Sunday, July 8, 2018

Book Review: 'The Weight' by Hubert Crouch


Tennessee author Hubert Crouch is a lawyer, having graduated from Phillips Andover Academy, Vanderbilt University, and Southern Methodist University School of Law. Hubert both practiced trial law in Texas while teaching Free Speech and the First Amendment, Public Speaking and Legal Advocacy to undergraduates at Southern Methodist University, receiving the Rotunda Outstanding Professor Award.

Apropos of his background, Hubert writes legal thrillers – CRIED FOR NO ONE, THE WORD – his Jace Forman Series - and now THE WIEGHT. His Jace Forman seems to be prepared to take on the status of Tom Clancy's Jack Ryan, Robert Penn Warren's Jack Burden, Ian Fleming's James Bond, but with enough distinctive elements to stand solidly on his – until someone does the obvious and options the rights for a film.

Hubert knows the inside of the courtroom well and is able to write about the atmosphere of a trial as well as anyone writing today. But he also has a keen take on personality traits and the adverse effects that can arise when people wearing blinders of fanatic beliefs join to make a dangerous force. The synopsis outlines the book well: ‘Flamboyant plaintiff lawyer Cal Connors sues reporter Leah Rosen, seeking millions in damages for being maliciously defamed in an article she wrote for Texas Matters magazine entitled “Texas Justice Gone Wrong.” In the article, Rosen accuses Connors of perpetrating a multi-million dollar fraud on the Texas jury system, her salacious charges catching the eye of the local US Attorney and causing him to launch a full-scale investigation. During the investigation, revelations surface that Connors’ law partner and daughter Christine clandestinely entered into an illegal settlement with an insurance claims adjustor, who was forced to flee to the French Riviera where he was subsequently found dead of a suspicious drug overdose. Cornered and desperate, Connors and his daughter go on a scorched-earth offensive of gruesome murders, a lurid kidnapping and treacherous betrayals to save themselves and the financial empire they have illicitly built.’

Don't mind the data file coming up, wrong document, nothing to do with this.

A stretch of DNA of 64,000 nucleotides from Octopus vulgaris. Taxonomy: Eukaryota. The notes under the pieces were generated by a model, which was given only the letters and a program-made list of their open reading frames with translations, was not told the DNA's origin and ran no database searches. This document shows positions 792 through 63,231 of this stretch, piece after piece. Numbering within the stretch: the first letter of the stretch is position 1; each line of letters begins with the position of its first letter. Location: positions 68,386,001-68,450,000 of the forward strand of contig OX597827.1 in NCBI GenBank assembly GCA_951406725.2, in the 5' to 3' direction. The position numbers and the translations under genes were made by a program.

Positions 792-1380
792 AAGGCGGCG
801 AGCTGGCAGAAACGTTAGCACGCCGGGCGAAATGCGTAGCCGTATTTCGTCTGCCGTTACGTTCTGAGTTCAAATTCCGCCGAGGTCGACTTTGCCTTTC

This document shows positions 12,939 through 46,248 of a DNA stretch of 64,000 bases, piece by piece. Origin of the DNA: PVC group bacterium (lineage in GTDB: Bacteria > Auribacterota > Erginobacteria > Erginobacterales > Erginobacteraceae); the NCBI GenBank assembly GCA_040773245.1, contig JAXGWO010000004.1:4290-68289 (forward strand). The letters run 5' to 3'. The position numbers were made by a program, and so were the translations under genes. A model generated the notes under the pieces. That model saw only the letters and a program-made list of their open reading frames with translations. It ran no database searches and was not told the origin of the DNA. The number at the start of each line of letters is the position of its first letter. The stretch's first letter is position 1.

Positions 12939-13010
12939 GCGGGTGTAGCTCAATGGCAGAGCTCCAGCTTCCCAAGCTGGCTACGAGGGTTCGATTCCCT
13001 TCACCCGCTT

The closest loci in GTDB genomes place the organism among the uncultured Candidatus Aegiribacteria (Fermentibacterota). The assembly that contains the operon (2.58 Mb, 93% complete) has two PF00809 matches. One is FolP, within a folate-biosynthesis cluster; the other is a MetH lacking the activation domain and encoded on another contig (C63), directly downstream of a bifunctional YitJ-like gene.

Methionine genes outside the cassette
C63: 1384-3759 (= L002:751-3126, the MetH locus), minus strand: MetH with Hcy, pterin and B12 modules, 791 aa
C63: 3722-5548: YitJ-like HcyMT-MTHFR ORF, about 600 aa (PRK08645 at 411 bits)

The manner in which he molds a mystery within those parameters is the epitome of tension in the courtroom as well as a profound respect for human rights. This is not only a powerful novel: it is also an important window onto the world as it can be imbalanced - and an opportunity for showing us how to right the scales. Very Highly Recommended. Grady Harp, July 18









Editor's note: This review has been published with the permission of Grady Harp. Like what you read? Subscribe to the SFRB's free daily email notice so you can be up-to-date on our latest articles. Scroll up this page to the sign-up field on your right.

No comments:

Post a Comment